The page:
Memo to Republican moderates: join the Democratic caucus, or prepare for imminent defeat. Hotline On Call also has more on this phenomenon
by Chris Bowers, Thu Nov 16, 2006 at 10:56:56 AM EST
One thing not decided in today's leadership elections in the House was the new chair of the DCCC. In the House, this is a position that is nominated by the leader of the caucus (Pelosi), and then put to a vote by the entire membership. As of right now, no date has been set for such a vote. I have heard some names floated, such as Kendrick Meek, Debbie Wasserman Schultz, or Chris Van Hollen, but I have no idea how solid those rumors are. Who knows, maybe Rahm will want to do it again.
I would like to hear some ideas form you. I imagine that a good DCCC chair would have the following attributes:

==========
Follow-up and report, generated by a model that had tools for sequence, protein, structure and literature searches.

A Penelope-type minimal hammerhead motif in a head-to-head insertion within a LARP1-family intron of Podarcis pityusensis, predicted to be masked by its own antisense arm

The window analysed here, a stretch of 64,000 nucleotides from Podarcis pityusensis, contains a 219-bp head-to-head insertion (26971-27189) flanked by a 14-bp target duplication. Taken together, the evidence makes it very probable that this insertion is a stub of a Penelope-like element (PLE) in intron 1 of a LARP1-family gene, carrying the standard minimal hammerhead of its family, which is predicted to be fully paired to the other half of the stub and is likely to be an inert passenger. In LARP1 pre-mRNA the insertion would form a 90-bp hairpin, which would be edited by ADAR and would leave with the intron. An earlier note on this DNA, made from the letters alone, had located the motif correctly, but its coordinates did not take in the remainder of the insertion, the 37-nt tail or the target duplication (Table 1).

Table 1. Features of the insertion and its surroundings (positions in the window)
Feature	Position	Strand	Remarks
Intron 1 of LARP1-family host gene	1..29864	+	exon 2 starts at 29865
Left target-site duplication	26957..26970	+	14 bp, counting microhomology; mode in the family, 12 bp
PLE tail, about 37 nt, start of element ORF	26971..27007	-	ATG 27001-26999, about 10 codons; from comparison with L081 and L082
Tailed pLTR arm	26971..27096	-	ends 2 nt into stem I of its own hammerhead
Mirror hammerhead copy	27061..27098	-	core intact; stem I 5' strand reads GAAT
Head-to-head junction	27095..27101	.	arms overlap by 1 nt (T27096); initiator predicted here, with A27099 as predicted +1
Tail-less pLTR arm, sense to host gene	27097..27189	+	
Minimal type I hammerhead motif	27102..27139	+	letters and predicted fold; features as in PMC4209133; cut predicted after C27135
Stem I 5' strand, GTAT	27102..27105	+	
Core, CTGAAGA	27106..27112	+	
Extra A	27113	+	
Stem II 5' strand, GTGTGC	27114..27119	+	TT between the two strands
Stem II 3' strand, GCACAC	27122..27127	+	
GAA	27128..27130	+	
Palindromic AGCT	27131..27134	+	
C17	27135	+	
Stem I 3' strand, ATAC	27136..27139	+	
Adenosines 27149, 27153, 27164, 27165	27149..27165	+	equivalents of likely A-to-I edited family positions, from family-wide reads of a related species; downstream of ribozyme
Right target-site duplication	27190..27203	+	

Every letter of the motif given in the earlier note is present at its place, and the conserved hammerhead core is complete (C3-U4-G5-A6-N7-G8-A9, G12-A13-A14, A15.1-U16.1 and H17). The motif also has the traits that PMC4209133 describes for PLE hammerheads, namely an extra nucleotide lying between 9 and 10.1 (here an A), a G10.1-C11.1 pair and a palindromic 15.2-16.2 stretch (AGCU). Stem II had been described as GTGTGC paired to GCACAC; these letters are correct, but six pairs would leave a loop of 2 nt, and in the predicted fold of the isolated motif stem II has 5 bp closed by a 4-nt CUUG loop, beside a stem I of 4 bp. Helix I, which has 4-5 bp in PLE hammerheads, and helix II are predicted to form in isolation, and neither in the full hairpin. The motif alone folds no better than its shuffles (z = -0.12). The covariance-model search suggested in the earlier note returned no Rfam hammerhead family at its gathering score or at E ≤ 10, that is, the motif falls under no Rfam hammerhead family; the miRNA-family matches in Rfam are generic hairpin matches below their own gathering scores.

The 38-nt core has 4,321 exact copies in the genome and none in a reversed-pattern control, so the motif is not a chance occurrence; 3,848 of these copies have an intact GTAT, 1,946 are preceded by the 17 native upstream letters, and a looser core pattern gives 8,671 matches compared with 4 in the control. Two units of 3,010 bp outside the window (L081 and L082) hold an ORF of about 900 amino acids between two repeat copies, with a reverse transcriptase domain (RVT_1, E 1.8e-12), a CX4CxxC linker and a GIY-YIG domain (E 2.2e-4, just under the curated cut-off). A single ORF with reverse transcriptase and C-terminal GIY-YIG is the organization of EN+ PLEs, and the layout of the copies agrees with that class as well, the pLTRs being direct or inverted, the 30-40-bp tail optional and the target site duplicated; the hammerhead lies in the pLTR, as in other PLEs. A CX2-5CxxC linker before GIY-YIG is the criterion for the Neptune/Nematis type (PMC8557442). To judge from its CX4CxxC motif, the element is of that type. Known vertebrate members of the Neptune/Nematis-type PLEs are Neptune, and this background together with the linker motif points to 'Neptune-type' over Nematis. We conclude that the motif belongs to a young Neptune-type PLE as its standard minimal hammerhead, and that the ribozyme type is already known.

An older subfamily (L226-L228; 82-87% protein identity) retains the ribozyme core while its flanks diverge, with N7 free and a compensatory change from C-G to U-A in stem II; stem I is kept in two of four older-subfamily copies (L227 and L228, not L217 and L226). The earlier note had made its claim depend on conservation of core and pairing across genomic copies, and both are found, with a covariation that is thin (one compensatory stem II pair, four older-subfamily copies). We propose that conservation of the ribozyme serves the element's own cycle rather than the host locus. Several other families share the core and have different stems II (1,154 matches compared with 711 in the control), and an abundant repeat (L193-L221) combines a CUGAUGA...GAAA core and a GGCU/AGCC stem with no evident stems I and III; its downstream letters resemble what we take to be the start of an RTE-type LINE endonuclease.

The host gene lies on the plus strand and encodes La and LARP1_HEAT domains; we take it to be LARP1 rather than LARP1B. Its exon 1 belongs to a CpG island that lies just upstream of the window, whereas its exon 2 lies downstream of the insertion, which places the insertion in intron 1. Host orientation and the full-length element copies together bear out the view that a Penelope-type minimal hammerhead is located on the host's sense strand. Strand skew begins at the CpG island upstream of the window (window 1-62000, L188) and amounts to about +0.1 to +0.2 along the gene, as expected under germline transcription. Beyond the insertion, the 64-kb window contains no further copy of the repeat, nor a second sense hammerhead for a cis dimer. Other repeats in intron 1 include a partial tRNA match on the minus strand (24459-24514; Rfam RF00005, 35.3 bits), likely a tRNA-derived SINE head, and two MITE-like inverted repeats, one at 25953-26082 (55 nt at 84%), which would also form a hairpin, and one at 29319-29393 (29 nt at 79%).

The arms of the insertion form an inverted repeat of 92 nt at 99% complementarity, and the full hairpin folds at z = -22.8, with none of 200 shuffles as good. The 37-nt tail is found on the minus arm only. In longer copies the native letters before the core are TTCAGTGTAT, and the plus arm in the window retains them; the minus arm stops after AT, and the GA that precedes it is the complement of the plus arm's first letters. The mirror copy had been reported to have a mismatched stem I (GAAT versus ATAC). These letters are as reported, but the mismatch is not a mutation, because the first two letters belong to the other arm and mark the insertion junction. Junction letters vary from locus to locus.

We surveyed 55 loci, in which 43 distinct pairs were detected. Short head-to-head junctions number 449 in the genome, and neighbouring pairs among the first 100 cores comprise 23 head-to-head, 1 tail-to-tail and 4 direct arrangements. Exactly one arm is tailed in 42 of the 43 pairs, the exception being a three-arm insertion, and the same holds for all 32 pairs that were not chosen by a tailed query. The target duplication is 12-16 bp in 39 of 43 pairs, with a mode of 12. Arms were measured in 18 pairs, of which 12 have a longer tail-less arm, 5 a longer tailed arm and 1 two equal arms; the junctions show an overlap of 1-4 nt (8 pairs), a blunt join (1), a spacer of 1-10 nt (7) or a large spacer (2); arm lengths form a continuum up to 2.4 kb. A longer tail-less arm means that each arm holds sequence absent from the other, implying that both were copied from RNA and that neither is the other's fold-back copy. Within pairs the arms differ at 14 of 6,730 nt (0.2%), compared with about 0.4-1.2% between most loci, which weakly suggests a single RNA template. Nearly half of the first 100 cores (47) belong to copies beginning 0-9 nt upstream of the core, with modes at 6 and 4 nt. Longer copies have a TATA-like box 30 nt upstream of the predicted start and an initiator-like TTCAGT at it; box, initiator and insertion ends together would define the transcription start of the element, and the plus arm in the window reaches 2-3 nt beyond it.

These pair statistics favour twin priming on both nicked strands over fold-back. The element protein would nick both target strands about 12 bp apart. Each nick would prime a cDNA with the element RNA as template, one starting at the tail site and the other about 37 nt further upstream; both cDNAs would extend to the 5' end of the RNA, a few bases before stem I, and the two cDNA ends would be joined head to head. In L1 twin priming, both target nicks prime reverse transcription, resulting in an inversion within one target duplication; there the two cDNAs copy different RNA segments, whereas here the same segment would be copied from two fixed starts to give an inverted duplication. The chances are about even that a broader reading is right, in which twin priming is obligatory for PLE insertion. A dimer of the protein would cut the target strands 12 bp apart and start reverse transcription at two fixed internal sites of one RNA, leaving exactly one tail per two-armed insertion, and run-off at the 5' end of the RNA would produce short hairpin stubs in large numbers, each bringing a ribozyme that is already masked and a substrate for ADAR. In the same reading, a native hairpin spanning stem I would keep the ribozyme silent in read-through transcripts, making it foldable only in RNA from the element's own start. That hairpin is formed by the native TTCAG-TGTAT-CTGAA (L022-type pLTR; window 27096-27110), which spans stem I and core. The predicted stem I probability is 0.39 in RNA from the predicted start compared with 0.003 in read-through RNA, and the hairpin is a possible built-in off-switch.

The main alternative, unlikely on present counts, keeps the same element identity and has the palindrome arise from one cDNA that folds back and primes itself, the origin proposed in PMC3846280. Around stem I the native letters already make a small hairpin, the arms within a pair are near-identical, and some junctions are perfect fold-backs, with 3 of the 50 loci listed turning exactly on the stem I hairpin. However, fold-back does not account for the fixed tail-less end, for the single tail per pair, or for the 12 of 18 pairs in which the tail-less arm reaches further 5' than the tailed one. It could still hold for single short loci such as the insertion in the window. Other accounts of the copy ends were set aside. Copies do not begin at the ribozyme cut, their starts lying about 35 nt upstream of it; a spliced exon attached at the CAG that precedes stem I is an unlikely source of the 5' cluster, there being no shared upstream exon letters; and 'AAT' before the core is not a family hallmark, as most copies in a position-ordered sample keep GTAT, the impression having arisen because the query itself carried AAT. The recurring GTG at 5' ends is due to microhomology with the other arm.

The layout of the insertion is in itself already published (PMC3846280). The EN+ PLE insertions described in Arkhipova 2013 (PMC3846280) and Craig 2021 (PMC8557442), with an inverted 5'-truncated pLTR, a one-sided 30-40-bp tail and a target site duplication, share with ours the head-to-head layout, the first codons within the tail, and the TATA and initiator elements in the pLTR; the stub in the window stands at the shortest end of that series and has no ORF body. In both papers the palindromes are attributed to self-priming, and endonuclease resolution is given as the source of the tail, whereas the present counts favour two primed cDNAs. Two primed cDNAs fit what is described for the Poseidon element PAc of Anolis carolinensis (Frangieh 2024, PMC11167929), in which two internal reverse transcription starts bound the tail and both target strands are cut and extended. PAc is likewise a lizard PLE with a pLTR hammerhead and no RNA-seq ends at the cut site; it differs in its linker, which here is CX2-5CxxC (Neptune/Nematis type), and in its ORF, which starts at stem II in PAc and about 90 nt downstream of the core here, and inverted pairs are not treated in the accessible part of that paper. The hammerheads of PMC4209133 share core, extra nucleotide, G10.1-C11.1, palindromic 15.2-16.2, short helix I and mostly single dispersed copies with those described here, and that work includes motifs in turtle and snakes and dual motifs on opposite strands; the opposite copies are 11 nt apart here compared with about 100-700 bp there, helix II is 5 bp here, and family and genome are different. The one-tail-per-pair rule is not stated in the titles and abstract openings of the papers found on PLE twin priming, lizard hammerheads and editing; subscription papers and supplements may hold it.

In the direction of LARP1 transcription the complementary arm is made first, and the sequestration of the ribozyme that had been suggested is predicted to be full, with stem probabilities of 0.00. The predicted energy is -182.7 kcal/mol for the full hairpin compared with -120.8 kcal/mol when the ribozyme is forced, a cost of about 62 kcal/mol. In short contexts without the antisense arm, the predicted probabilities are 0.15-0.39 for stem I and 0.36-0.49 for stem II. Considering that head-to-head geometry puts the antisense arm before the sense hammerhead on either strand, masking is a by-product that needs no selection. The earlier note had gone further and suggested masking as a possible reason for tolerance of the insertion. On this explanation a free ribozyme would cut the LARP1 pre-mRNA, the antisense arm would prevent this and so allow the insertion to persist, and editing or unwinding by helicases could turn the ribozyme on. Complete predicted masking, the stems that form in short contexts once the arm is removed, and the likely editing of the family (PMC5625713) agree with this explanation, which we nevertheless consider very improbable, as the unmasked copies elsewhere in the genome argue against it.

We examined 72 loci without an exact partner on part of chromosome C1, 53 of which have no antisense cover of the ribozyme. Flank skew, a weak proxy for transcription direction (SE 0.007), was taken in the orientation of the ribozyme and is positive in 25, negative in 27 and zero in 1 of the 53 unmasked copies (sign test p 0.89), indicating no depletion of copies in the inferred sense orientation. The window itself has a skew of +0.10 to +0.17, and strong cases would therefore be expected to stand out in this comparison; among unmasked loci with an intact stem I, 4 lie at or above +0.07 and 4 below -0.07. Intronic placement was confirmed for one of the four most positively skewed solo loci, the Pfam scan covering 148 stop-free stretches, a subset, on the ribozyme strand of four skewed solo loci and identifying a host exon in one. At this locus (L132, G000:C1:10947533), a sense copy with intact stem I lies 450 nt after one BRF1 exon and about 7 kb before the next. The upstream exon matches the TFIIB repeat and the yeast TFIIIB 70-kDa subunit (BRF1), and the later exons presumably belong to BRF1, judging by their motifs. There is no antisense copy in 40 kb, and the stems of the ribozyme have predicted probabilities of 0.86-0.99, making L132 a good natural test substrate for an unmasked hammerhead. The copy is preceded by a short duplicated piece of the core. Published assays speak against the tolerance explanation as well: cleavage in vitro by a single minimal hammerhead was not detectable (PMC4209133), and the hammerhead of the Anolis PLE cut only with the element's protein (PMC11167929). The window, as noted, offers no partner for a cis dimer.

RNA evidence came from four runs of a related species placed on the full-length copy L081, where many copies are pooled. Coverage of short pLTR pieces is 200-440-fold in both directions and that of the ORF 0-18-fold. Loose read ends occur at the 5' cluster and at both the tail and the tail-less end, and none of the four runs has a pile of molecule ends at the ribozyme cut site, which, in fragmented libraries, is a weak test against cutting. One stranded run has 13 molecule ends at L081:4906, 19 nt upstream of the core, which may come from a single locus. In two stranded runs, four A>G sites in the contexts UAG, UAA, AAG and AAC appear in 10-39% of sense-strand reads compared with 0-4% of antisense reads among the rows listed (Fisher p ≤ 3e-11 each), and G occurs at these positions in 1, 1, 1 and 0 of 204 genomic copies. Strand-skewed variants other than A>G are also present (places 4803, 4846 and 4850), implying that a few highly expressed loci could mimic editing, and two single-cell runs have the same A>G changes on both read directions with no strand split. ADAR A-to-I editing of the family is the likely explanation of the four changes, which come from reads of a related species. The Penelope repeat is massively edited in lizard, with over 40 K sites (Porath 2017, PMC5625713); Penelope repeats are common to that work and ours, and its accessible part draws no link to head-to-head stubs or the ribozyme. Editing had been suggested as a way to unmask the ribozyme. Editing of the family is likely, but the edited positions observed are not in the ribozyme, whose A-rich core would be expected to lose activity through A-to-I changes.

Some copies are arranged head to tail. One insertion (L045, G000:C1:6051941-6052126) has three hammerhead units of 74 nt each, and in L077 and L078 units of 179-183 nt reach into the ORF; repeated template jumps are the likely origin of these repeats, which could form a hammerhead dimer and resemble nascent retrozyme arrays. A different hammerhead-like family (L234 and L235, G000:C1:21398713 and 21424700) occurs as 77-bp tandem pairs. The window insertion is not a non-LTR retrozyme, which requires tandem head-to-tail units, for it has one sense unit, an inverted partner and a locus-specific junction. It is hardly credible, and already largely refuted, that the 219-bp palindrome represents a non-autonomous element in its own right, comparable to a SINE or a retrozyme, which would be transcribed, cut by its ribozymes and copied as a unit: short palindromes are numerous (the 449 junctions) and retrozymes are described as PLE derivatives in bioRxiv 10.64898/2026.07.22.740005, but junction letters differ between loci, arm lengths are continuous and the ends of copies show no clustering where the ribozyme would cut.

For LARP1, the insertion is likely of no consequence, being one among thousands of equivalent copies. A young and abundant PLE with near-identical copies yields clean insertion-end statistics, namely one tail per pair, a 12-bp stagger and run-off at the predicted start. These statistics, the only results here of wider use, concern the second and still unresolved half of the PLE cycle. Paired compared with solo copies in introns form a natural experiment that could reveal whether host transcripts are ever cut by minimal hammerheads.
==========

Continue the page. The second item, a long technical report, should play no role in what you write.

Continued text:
- 1. Little or no possibility of facing a serious re-election challenge him or herself (Reynolds problem)
- 2. I would strongly prefer someone who entered Congress after 1994, so s/he understands being in the minority and does not take our majority as a natural turn of events. We need someone with fire for many more seats.
- 3. Not strongly beholden to any particular wing or political infrastructure within the party. I would prefer someone who is not a Blue Dog, not a Progressive, not a New Democrat, not a Clintonista, not from a big city machine. I want an independent operative who can move freely throughout the party, and is not easily pegged as a specific type of Democrat.
- 4. I want someone who is both respected by, and open to, the ideas coming from places like The New Politics Institute, Crashing the Gate, and the netroots community. We need new campaign ideas for continuing to build upon a new majority.
Obviously, you can follow whatever guidelines you like, but that is what I suggest. One name that springs quickly to mind is netroots favorite and thirty-something Representative Tim Ryan form the very blue OH-17. Represenative Zoe Lofgren from CA-16 doesn't sound bad either. But I am open to a lot more names than this. Let's see these names fly.
by Chris Bowers, Thu Nov 16, 2006 at 08:21:55 AM EST
In no particular order, here are my thoughts on the Majority Leader campaign, now that it is finally over: